“This requirement means your navigation links can be spidered and meet accessibility guidelines, where complicated, JavaScript-based flyouts may not.”

  1. Page URLs able to be customized on a per-page basis (or at least use syntax-based, real language to reference pages)

“Is this absolutely required to be successfully indexed and even to rank for key phrases? Strictly speaking, no. But Google does say the following:

Consider organizing your content so that URLs are constructed logically and in a manner that is most intelligible to humans (when possible, readable words rather than long ID numbers).

With that, I’d consider friendly URLs as key to a site’s SEO.”

  1. Navigation depth & inclusions able to be customized

“In other words, you should be able to choose to include (or not to include) subcategories in your top navigation. Similarly, retailers should have the ability to choose to not include an e-commerce category in top navigation.

Like the ability to customize page URLs, the ability to customize how the platform’s navigation links to your categories and subcategories is an important part of ensuring a good user experience. It also enables you to fine-tune your internal links.”

  1. Title tags able to be customized on a per-page basis

“Each page’s title tag should be unique and relevant to the page it represents. While it is true that auto-generating title tags based on category, subcategory, filters and the brand name may allow you to pass this “requirement,” it is common sense that, for advanced SEO, you should expect your platform of choice to allow you to customize each page’s title tag.”

  1. Meta description tags able to be customized on a per-page basis

“Same rationale as title tags”

  1. Content headers able to be customized on a per-page basis

“Same rationale as title tags and meta descriptions”

  1. Supports ability to create content pages “outside” of e-commerce/retail category and product pages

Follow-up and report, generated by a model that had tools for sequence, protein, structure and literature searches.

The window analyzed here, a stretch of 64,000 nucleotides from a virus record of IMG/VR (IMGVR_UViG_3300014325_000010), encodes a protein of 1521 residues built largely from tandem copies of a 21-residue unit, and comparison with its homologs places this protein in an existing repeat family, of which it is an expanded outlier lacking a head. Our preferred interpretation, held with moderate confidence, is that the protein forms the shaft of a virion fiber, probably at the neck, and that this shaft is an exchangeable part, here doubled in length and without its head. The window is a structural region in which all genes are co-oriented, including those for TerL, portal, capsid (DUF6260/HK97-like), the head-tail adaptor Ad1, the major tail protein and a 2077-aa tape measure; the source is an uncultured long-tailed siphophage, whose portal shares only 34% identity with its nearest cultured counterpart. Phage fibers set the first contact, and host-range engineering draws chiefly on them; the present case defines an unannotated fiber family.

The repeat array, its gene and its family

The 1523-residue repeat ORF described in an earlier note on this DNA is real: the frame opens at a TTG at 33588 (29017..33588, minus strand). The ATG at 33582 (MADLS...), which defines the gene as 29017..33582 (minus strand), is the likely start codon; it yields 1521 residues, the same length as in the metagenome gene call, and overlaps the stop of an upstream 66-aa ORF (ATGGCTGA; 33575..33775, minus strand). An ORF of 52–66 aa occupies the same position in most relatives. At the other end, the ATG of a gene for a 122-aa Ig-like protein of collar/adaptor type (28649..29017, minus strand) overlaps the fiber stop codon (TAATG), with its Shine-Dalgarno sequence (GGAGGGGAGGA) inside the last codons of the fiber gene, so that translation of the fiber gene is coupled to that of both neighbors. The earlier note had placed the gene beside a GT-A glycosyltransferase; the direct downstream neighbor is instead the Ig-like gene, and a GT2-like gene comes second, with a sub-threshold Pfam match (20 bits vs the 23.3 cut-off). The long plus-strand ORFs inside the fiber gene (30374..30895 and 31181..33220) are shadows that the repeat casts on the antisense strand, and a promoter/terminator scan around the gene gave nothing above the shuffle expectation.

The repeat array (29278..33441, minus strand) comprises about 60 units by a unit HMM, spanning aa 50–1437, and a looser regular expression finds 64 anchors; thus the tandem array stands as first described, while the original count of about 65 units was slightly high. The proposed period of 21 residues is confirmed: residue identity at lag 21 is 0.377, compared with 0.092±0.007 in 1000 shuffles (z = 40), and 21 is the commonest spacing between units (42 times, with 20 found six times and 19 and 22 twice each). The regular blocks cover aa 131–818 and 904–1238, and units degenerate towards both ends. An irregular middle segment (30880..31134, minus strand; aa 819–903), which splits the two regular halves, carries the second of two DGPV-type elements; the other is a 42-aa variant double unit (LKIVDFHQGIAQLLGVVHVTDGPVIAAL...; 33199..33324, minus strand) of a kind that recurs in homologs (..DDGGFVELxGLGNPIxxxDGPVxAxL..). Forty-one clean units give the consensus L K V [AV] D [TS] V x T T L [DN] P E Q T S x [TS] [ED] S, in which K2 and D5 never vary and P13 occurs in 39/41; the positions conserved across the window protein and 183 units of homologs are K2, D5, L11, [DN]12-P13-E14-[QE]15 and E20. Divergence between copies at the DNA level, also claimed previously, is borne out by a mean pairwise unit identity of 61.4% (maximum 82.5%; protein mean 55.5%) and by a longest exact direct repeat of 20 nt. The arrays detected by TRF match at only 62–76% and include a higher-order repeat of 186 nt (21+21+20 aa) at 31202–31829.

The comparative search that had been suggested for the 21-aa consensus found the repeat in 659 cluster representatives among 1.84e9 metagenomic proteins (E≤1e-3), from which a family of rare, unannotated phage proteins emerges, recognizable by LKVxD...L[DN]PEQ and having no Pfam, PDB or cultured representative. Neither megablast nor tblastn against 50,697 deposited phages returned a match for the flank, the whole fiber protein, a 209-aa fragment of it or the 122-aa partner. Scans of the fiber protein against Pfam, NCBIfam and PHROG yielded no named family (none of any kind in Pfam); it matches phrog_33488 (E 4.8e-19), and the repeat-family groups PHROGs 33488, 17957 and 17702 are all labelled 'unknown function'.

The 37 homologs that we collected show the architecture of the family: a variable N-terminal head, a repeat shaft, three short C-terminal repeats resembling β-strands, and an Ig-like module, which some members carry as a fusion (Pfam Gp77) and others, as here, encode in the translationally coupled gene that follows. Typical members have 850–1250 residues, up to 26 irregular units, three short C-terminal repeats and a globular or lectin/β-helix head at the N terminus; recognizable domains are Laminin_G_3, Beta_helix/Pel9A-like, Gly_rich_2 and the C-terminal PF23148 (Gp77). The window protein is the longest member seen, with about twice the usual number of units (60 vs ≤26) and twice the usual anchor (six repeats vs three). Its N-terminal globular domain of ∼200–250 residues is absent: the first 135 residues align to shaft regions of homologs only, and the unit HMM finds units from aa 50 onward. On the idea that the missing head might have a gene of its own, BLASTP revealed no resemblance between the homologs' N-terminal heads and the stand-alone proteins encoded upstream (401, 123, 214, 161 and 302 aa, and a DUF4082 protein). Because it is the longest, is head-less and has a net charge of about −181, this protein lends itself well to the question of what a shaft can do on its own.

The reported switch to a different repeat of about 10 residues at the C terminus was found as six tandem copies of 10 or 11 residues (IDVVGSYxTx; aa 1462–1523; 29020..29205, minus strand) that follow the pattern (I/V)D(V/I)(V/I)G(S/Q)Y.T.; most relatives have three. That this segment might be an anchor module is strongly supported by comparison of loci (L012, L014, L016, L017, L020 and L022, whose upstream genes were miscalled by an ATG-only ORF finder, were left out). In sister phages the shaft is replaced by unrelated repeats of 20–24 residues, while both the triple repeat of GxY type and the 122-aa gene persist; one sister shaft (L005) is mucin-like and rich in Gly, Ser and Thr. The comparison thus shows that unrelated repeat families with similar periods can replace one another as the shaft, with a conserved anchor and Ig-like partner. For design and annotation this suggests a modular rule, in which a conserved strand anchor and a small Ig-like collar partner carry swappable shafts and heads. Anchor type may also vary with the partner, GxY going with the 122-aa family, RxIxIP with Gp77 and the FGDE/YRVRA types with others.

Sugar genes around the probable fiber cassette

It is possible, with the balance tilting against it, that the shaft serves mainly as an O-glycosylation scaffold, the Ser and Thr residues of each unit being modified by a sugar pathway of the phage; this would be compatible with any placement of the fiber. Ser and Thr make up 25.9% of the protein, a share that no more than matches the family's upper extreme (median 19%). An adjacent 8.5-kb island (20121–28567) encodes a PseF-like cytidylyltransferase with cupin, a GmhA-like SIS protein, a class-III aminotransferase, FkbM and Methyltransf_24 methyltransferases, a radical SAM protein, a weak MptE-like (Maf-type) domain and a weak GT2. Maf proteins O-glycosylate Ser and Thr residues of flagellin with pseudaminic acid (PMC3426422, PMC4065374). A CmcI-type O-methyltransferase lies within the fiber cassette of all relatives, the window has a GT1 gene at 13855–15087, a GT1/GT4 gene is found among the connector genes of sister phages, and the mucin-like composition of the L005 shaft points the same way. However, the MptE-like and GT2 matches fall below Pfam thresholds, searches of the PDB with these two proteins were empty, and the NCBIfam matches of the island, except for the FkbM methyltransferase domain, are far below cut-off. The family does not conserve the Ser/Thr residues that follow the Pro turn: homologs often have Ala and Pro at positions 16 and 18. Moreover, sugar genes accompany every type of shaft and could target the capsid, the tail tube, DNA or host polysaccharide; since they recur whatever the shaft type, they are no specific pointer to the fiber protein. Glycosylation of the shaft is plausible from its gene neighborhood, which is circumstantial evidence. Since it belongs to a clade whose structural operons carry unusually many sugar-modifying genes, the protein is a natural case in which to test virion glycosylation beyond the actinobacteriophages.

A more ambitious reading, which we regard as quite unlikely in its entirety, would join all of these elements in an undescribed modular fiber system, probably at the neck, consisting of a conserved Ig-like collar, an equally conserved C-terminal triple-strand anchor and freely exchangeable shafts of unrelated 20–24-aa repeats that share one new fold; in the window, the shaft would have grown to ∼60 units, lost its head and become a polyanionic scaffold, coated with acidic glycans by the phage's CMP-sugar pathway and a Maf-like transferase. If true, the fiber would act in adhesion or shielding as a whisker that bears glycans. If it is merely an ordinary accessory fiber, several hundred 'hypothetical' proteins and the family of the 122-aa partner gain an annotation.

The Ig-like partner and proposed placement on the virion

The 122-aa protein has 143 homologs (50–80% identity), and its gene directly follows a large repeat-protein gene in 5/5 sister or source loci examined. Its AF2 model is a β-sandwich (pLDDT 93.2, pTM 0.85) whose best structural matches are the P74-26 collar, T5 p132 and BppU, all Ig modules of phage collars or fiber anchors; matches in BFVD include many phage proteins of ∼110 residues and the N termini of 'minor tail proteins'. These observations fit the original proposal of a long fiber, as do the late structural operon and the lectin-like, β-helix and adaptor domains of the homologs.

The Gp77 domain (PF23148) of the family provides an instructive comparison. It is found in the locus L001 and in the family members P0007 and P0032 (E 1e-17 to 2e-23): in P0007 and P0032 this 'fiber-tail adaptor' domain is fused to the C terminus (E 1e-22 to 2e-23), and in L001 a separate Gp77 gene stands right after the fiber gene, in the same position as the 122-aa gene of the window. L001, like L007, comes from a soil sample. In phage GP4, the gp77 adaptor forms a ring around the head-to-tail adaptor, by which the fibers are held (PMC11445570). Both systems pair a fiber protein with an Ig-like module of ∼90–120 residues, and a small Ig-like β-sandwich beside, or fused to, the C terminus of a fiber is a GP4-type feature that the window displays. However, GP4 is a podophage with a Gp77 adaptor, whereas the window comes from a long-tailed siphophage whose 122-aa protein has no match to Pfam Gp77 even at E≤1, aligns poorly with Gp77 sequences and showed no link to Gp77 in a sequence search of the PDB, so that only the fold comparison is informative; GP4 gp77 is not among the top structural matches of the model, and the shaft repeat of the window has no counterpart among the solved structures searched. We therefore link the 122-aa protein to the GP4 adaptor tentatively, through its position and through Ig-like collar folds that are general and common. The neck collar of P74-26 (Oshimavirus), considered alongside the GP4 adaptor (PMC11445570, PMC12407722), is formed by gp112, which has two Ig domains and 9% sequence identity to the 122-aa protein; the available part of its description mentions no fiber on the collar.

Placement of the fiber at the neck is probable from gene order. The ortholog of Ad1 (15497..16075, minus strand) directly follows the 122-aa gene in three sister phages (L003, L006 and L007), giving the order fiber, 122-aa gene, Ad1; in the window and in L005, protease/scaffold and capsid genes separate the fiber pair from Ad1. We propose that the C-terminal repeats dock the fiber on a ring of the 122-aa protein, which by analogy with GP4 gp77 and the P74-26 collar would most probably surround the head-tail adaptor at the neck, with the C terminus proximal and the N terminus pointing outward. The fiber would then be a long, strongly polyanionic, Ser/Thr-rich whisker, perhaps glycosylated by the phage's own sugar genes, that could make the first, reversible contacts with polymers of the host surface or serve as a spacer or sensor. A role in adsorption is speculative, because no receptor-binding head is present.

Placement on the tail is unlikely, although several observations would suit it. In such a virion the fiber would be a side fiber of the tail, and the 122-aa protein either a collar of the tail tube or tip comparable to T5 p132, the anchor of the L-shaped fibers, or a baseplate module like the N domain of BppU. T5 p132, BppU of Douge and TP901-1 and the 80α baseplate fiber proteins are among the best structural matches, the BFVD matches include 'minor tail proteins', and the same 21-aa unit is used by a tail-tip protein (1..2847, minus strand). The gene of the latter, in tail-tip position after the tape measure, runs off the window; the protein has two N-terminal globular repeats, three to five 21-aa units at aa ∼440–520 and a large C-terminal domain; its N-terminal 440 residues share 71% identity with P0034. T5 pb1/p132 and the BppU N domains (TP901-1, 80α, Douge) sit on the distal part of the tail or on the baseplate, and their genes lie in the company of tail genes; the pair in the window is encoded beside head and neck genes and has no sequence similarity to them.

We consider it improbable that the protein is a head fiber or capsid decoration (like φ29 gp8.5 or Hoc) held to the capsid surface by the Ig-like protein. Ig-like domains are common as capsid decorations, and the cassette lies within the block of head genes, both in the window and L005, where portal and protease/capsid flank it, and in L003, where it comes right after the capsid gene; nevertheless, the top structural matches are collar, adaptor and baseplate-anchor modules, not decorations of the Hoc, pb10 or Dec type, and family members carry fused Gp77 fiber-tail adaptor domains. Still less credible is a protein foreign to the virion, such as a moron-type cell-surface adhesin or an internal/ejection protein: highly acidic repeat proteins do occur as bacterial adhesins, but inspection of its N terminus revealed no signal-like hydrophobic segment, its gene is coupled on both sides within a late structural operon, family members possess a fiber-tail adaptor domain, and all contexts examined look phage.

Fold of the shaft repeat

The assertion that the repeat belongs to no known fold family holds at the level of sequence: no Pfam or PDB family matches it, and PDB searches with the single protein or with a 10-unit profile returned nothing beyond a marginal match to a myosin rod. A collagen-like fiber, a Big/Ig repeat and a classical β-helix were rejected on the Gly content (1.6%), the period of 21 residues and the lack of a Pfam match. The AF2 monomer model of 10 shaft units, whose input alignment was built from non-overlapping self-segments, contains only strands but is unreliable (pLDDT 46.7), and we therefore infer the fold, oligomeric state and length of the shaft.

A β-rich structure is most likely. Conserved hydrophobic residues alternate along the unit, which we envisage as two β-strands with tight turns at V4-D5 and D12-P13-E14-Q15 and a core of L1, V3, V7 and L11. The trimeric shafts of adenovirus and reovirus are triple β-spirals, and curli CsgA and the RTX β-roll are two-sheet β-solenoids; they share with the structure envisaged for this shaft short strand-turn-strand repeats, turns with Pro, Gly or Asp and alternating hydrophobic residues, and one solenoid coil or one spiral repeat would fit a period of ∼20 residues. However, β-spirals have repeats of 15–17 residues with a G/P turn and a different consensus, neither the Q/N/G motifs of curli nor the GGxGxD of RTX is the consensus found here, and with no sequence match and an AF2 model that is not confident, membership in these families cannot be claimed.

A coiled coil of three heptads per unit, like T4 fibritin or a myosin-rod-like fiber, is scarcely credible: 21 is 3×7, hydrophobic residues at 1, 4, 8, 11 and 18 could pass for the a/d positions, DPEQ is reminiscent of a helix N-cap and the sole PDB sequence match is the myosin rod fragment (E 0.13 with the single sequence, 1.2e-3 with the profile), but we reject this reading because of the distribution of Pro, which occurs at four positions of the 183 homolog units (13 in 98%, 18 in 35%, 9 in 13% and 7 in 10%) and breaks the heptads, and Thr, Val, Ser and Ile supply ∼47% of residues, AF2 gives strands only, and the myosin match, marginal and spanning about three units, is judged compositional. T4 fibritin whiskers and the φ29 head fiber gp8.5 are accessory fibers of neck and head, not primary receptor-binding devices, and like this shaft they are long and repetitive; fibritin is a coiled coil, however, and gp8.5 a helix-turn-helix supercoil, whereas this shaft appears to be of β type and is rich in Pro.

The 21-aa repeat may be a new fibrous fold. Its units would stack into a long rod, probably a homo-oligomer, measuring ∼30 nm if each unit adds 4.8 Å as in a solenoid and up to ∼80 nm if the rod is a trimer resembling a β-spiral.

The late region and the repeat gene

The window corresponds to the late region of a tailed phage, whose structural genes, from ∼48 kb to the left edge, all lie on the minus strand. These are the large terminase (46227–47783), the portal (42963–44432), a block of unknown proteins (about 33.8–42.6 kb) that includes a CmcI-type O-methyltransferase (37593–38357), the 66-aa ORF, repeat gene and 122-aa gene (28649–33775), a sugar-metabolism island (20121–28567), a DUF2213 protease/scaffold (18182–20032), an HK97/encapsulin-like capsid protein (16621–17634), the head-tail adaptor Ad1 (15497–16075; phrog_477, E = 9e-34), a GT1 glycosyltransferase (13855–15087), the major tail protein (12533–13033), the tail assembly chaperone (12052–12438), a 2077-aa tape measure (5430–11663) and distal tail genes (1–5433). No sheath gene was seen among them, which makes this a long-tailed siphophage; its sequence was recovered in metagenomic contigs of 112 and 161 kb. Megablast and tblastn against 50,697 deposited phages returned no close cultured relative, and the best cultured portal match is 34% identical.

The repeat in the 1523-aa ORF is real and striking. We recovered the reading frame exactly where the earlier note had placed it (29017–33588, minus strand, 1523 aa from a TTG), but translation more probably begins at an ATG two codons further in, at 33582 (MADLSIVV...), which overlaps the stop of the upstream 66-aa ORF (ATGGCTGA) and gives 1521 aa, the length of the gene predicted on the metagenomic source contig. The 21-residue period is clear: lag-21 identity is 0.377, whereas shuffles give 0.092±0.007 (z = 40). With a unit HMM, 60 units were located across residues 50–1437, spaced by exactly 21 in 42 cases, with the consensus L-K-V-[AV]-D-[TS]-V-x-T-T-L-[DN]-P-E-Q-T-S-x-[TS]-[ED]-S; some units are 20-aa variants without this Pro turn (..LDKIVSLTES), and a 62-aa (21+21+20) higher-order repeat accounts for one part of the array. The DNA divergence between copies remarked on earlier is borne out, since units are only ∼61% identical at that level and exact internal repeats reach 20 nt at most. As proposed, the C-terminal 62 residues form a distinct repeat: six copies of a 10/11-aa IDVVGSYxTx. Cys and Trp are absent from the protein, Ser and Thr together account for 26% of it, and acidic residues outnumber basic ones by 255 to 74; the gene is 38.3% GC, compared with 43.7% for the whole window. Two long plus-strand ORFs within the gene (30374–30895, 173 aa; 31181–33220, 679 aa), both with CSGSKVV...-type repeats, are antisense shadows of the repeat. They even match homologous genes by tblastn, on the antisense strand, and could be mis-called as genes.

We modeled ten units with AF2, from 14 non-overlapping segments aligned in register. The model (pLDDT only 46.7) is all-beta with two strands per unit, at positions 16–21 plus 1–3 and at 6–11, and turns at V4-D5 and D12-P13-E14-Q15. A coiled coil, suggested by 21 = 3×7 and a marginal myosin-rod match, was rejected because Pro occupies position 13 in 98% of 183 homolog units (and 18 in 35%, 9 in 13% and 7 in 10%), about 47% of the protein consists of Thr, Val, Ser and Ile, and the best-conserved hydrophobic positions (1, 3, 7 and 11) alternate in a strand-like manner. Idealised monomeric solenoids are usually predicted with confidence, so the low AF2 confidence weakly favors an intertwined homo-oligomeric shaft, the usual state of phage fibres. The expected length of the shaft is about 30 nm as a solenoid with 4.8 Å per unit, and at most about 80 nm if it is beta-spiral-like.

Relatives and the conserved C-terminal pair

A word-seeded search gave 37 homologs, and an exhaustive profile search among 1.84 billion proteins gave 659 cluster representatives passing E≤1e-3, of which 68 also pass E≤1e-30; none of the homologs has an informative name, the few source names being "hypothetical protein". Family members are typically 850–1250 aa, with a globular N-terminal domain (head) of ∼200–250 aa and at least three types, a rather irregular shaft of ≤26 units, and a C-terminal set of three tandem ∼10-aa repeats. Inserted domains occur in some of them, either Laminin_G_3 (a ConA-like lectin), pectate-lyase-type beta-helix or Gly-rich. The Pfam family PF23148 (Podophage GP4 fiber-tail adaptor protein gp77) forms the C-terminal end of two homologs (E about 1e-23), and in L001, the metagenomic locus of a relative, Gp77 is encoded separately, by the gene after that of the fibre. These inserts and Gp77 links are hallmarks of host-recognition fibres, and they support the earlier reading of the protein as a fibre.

“While we aren’t insisting that an e-commerce platform be able to provide all features that a blogging platform provides (comments, for example), you should expect a platform to enable you to establish a template, insert content and effectively link to pages that aren’t in a product database. Moreover, if all platforms under consideration do allow that feature, ask yourself how difficult or “natural” the inclusion of non-retail elements will truly be.”

  1. Supports a custom 404 page (auto-generated but “friendly” is OK)

“Good user experience is a core part of Google’s Quality Guidelines. A custom 404 page not only helps satisfy that guideline, it may help “save” traffic from abandoning your site when they encounter a broken link.”

  1. Location pages able to be indexed at the individual store/location level (for companies with brick-and-mortar locations)

“It may be that your platform of choice doesn’t deal, specifically, with location pages or have a “Store Finder” widget. If they don’t, review the platform’s ability to include the third-party widget of your choice. If they do, make sure their widget is able to be spidered down to the individual store level — most notably, that there’s a clickable path from the Store Finder landing page to the individual stores.”

  1. Caters to more than one location or language (if applicable to your business)

“If your site is meant to target audiences in multiple markets, your website platform should include the following features to allow the site to be user friendly and prevent the perception of duplicate content:

  • Supports a country/language selector (rendered in plain HTML).
  • Country/language selector overrides any automated geolocation.
  • Provides automated hreflang tagging either at the page level or within XML sitemaps.”
  1. AngularJS indexing

“If AngularJS is used, ensure body content can be indexed.”


If all of this is jargon to you, or you simply need SEO experts to implement this on your website, click here to get in touch with us today!

Cover Image Credit: Fi Darby